Here was nothing particularly distinctive about this pigeon. Glossy green and purple feathers around its throat; black, white, and gray mottles on its wings. I'd seen hundreds like it before.
But never on my front walk.
I live in a town on Long Island Sound, 21 miles from midtown Manhattan. Here, a sea gull circles overhead. A crow heckles when we put out the trash cans. But a pigeon foraging in the front yard? It wasn't a familiar sight.
I pointed her out to my son and daughter, guessing about the bird's gender.
"She's got one of those green twisty things on her leg," Elizabeth said.
"Hey, yeah. There's a gray one on the other," John added.
Was this a homing pigeon who'd lost her way?
Later that morning, the doorbell rang. It was the mailman, but he wasn't delivering a package.
"Are you an animal lover?" he asked.
I thought for a moment. Not his usual inquiry.
"I like animals," I answered in a drawn-out way, as if I were considering my response.
"Then you'd better do something about that pigeon before a cat gets him."
I ignored the mailman's choice of pronoun and looked past him. The pigeon was resting comfortably on the flagstone walk.
I didn't want this bird's fate on my conscience. I telephoned the local chapter of the Humane Society. If they could get a closer look at those bands, maybe they could figure out where the pigeon belonged.
"We'll send someone out today," they said. But when the representative from the Humane Society got there, the pigeon couldn't be located.
The next morning, when I went out to get the paper, she was back, pecking the earth under the hedge that bordered our front lawn.
"Let her stay," my son said. He'd emerged from the door behind me. There was a gentleness in his 10-year-old voice.
"OK," I said, won over by his coaxing.
We went to the library to research our visitor. The librarian in the children's room produced an abundance of information. We immersed ourselves in pigeon scholarship.
Pigeons were not fussy eaters, we learned, but still, we wanted our company to have the best. The clerk at the local pet shop recommended a wild birdseed blend - half a cup a day.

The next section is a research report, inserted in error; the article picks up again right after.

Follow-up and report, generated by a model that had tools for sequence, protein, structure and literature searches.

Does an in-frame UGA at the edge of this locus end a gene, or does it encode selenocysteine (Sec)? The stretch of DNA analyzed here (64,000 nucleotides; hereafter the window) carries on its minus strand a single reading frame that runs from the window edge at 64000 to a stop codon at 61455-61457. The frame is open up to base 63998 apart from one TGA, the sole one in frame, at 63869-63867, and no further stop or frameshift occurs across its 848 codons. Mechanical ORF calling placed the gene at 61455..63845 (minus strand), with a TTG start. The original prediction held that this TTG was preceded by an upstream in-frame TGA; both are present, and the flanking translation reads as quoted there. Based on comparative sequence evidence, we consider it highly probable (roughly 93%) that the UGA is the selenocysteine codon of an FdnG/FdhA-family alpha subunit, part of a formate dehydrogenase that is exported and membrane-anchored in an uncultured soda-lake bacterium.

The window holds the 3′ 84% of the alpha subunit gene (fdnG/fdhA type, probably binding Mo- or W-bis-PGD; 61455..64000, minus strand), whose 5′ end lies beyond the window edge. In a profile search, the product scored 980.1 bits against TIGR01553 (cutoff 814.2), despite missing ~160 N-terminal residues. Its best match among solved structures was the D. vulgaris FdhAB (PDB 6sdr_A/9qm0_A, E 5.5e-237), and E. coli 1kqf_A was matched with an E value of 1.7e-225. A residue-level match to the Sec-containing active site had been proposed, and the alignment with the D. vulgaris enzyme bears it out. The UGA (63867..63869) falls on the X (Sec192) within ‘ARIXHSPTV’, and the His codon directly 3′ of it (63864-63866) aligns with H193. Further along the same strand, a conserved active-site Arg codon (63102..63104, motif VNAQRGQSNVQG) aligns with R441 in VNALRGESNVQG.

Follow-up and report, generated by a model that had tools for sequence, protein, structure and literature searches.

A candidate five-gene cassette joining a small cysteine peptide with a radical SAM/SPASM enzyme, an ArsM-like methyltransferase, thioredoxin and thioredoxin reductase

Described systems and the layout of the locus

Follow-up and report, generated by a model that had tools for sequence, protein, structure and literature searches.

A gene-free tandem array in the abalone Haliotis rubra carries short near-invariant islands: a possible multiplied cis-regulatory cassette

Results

Every morning, we scattered seed and set out a bowl of fresh water for "Pidge," the gender-neutral name we settled on. It was hot, and there were no nearby fountains for her to drink from or splash in. Twice a day, I fastidiously hosed down the front walk, which had become her favorite promenade.
"Has Pidge been fed?" I'd call out each night around dinner time. Yes. Usually more than once. She'd worked her way into the rhythm of our routine.
Whenever we returned home, from the swimming pool or a bike ride, she seemed to be there to greet us. Once, ice cream cones dripping in our hands, we rounded the corner onto our block and spotted Pidge. She was nestled comfortably - smack in the middle of the street.
"A car's coming!" my daughter cried out. I looked up the slope of Elm Avenue and saw a big, black Buick coming over the crest of the hill. The driver couldn't have known that he was bearing down on our bird: Against the asphalt, her coloring camouflaged her.
I screamed and flailed my arms to warn him that there was something in his path. He slammed on the brakes. The screech made us cringe. Pidge disappeared from sight under the front of the car.
THERE was an impossible moment of quiet. Even the cicadas were silent. Had the driver stopped in time? We forgot all about our ice cream and waited while he shifted into reverse.
There sat our pigeon - unharmed and unhurried. Only when the driver honked his horn did she stand up, flap her wings, and - finally - take off for the safety of our garage roof.
I nodded and waved gratefully at the man behind the wheel. He drove off, shaking his head at the bird's lack of street sense.
The encounter shook me. I felt responsible for this pigeon's well-being. I wondered what would happen when the summer weather waned. As much as we were enjoying our adopted pet, those green and gray leg bands were reminders that this was not her home. Someone, somewhere else, awaited her return.
Several weeks passed. We noticed that Pidge's midday absences began to lengthen. Washing down the front walk once a day sufficed.
"I think that Pidge may be getting her bearings back," I told John and Elizabeth. "I think her visit with us may be coming to an end."
"But we want her to stay," they protested, and increased her ration of seed.
But one day Pidge didn't make her first appearance until evening. She cocked her head as if to get a better look at her admirers on the front porch.
The next day, she didn't show up at all. For a week we kept changing her water and putting out seed, but only the crows benefited. House guests can interrupt your life, but the best ones become part of it. I'm glad we took pictures.